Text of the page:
The video recorder also gets in on the artificial intelligence action with AI Cinema modes. So, for example, you can put your subject in color while the rest of the background is in black and white.
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The feature worked fairly well in my early testing, which I tried while shooting my colleague Caitlin. However, you’ll want to make sure there’s a fair amount of ambient light, as the effects aren’t as compelling when there’s any grain or noise in the image.
Facial recognition and in-screen fingerprint sensing
It won’t be long until most Android flagships let you unlock your phone by simply pressing your finger on a marked area on the lower half of the screen. Huawei’s implementation worked well in my brief testing; the dynamic pressure sensing system instantly recognized my digit after I registered it in settings.
Up front there’s also a 3D depth sensing camera, complete with a 24-MP RGB camera, flood illuminator and IR camera that Huawei says unlocks the phone 30 percent faster than its previous models with this feature. The Mate 20 Pro supports mobile payment solutions using facial recognition, with full support for Alipay, WeChat Pay, and Huawei Pay. However, the payment functionality is only available in China.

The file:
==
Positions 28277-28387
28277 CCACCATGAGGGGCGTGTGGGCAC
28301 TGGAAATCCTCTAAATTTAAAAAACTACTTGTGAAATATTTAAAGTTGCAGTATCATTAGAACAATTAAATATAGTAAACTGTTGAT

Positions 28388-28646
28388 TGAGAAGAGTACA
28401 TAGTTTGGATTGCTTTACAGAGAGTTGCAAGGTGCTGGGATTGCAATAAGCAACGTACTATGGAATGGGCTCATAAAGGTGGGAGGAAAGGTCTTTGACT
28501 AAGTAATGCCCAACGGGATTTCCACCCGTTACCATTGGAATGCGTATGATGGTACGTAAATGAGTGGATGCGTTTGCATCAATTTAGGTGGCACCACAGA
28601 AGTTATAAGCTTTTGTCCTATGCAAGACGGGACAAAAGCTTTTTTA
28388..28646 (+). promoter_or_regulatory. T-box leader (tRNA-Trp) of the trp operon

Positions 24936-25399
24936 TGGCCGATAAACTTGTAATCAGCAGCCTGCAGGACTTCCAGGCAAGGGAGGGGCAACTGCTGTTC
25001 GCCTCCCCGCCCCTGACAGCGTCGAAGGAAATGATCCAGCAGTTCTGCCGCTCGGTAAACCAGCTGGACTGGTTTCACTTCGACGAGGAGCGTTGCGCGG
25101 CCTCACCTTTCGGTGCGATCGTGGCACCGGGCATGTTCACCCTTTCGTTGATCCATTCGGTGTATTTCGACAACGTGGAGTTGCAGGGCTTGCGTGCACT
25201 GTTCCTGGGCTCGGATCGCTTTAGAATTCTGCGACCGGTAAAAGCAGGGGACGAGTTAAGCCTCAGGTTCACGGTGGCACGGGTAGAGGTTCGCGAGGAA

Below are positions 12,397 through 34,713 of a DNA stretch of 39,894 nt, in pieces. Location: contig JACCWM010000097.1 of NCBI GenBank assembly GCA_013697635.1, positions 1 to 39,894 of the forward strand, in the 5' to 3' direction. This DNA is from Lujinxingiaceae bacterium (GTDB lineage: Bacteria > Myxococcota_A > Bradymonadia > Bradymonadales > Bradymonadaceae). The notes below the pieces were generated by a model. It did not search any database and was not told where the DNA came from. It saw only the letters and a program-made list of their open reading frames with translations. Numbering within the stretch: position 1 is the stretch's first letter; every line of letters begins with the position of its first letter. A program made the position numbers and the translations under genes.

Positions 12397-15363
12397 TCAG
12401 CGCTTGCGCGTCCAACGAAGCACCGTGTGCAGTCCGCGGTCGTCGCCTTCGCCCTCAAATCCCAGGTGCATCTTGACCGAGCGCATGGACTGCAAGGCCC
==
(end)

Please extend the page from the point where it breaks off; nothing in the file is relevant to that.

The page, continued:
Whichever unlocking method you choose, you’ll be able to tie your fingerprint or face to a password vault for auto-filling passwords. We’ll have to see how well both unlock methods stack up in our testing.
Kirin 980 power: 7-nanometer hits Android
Apple was first to deliver a 7-nanometer processor in a phone with the A12 Bionic chip in the iPhone XS and XS Max, but Huawei looks to even the score with its own Kirin 980 CPU. The company says this chip offers a 20 percent speed improvement over the Kirin 970 in the Huawei P20 Pro, along with 40 percent better power efficiency.
The Kirin 980 packs 4 little cores, 2 medium cores and 2 large cores for a total of 8, and the GPU performance is supposedly 45 percent faster.
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Huawei is also playing up its dual neural processing units (NPUs), the first of which can handle tasks like recognizing objects and the second of which can do things like render video in real time and handle natural language processing.
The company is throwing a lot of numbers at us, so we’ll have to see how well the Mate 20 Pro performs in synthetic benchmarks and our real-world tests.
EMUI 9.0: Simplified (somewhat)